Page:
The Path To Obtaining Financial Compensation In The Aftermath Of A Baltimore Automobile Accident: Phase III
In articles I and II in this series, I’ve explored what should happen in the immediate wake of an accident or personal injury-causing event. This culminating entry details the final phase when a personal injury “claim” evolves into a personal injury case [i.e. a lawsuit].
Baltimore Personal Injury claim, Phase III: Litigation.
Where an insurance company has denied all responsibility for a claim outright or has made a singular, or a series of unrealistic and unacceptably low settlement offers, I file a lawsuit. The endgame here is a trial, where responsibility and compensation will be determined. In this scenario, the filing and prosecution of a lawsuit in the court of the appropriate jurisdiction is the only next step that must be taken on the road to making the injured individual whole and complete in light of their injuries. I suggest only a seasoned and experienced personal injury attorney has the training, background and experience necessary to successfully complete such cases. It’s a significant move forward as the personal injury lawyer has agreed to advance the costs of litigation. Commencing litigation also changes the fee structure in the retainer agreement.
Litigation involves, initially, the filing of legal documents with the court, which will in turn issue official court process, that is then served on the at-fault individual themselves. Ultimately that person’s insurance company will become involved in the lawsuit and either retain or refer the matter to counsel of their choosing. Let me say at this juncture, many insurance companies in Baltimore, and certainly GEICO, State Farm, Allstate, Liberty Mutual, and Nationwide all utilize what is known as the “in-house counsel” model. In other words, the attorney is- although they nominally work in a separately named law firm- actually an employee of the insurance company itself. The attorneys employed by the major insurance companies in Maryland are typically skilled and outstanding lawyers, as well as ferocious litigators and adversaries in court proceedings.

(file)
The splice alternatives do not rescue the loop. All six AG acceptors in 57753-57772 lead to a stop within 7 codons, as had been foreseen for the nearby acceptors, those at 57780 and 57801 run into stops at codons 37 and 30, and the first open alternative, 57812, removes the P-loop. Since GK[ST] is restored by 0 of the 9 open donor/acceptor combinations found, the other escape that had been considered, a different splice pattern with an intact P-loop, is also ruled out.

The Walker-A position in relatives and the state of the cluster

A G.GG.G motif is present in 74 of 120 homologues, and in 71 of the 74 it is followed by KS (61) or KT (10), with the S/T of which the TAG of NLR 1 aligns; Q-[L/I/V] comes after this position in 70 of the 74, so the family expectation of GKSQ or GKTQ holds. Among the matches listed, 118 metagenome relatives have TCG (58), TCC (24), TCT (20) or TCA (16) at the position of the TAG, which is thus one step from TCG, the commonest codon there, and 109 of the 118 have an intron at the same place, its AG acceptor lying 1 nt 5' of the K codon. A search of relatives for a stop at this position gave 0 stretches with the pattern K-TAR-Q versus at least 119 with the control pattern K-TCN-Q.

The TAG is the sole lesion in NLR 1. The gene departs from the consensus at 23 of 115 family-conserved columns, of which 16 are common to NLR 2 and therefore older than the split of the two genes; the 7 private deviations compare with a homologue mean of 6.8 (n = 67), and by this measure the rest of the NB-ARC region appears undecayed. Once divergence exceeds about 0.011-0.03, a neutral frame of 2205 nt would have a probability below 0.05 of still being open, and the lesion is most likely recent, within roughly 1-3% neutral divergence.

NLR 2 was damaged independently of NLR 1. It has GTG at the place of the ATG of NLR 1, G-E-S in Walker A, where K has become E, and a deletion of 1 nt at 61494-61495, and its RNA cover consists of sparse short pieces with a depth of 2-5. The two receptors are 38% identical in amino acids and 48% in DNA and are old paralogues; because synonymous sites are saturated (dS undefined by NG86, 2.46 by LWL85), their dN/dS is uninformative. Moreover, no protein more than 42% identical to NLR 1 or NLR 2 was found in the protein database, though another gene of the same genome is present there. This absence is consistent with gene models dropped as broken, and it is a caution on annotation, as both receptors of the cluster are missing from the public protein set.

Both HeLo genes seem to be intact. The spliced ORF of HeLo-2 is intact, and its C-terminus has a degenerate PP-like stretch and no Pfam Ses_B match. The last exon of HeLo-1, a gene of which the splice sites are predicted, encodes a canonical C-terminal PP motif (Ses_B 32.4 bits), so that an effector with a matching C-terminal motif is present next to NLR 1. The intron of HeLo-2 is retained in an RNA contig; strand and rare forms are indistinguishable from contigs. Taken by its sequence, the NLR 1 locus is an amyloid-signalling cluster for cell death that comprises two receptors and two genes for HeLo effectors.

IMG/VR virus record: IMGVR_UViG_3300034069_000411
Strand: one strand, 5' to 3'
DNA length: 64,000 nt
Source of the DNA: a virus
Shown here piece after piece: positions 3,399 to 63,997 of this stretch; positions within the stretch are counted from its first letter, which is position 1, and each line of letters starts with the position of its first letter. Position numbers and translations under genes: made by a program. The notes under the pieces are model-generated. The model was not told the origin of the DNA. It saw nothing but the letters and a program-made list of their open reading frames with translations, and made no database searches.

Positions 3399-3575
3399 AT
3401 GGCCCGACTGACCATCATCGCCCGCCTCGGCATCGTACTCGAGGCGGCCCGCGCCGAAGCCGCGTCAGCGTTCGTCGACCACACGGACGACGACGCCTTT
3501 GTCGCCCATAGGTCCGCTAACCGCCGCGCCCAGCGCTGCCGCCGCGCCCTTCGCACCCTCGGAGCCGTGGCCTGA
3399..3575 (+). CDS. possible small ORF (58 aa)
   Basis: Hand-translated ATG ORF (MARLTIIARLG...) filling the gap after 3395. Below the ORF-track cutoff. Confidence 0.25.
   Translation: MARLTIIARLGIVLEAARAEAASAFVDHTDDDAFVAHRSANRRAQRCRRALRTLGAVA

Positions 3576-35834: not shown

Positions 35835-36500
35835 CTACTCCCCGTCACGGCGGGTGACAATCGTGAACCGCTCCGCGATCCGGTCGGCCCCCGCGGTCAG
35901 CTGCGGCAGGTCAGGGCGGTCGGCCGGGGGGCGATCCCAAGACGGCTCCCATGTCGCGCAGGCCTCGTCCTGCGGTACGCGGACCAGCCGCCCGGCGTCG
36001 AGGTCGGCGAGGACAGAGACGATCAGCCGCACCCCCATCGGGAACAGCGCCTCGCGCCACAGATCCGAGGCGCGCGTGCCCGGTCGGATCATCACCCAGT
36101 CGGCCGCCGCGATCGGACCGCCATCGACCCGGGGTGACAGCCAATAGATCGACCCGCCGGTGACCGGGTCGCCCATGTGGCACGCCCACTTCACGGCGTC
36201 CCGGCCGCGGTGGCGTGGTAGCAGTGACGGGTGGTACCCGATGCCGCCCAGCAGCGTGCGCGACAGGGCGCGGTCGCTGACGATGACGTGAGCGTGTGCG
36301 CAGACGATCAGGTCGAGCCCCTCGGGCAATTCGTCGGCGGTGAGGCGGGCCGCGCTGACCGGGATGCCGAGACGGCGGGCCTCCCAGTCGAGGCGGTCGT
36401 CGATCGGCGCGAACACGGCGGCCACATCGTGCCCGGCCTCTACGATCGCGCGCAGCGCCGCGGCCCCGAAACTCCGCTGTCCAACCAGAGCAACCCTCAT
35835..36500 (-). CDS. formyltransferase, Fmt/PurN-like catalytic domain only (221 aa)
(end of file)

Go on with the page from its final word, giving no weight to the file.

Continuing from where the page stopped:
After the lawsuit is commenced- depending on the court in which the claim is filed, a sometimes lengthy process will commence. The flow of cases differs depending on the court in which a case is filed. A district court case has fewer steps in the process to a personal injury financial recovery. A state court circuit court case has more steps in the process to compensation for injury, but the endpoint, no matter the court system or the process, is a trial. At trial, a group of jurors, or a district court judge, would be asked to decide who is responsible for the injury-causing event, and what should be done about it. In other words what “damages” are appropriate. The concept of “damage” generally is a legal term for money awarded to compensate someone for their losses. In a Baltimore personal injury trial, a court will consider both economic losses- that is to say, things such as the payment of medical expenses, as well as the recovery of lost wages and out-of-pocket expenditures. The court will also consider noneconomic damages. This is a concept individuals sometimes, or perhaps, even frequently colloquially call “pain and suffering”. Certainly, the effective attorney will argue that concept, and although the components of such a claim or myriad, certainly any emotional or physical turmoil, distress, consternation or difficulty encountered in the wake of a serious Baltimore personal injury-causing event must be considered by a jury to fully compensate the victim of injury.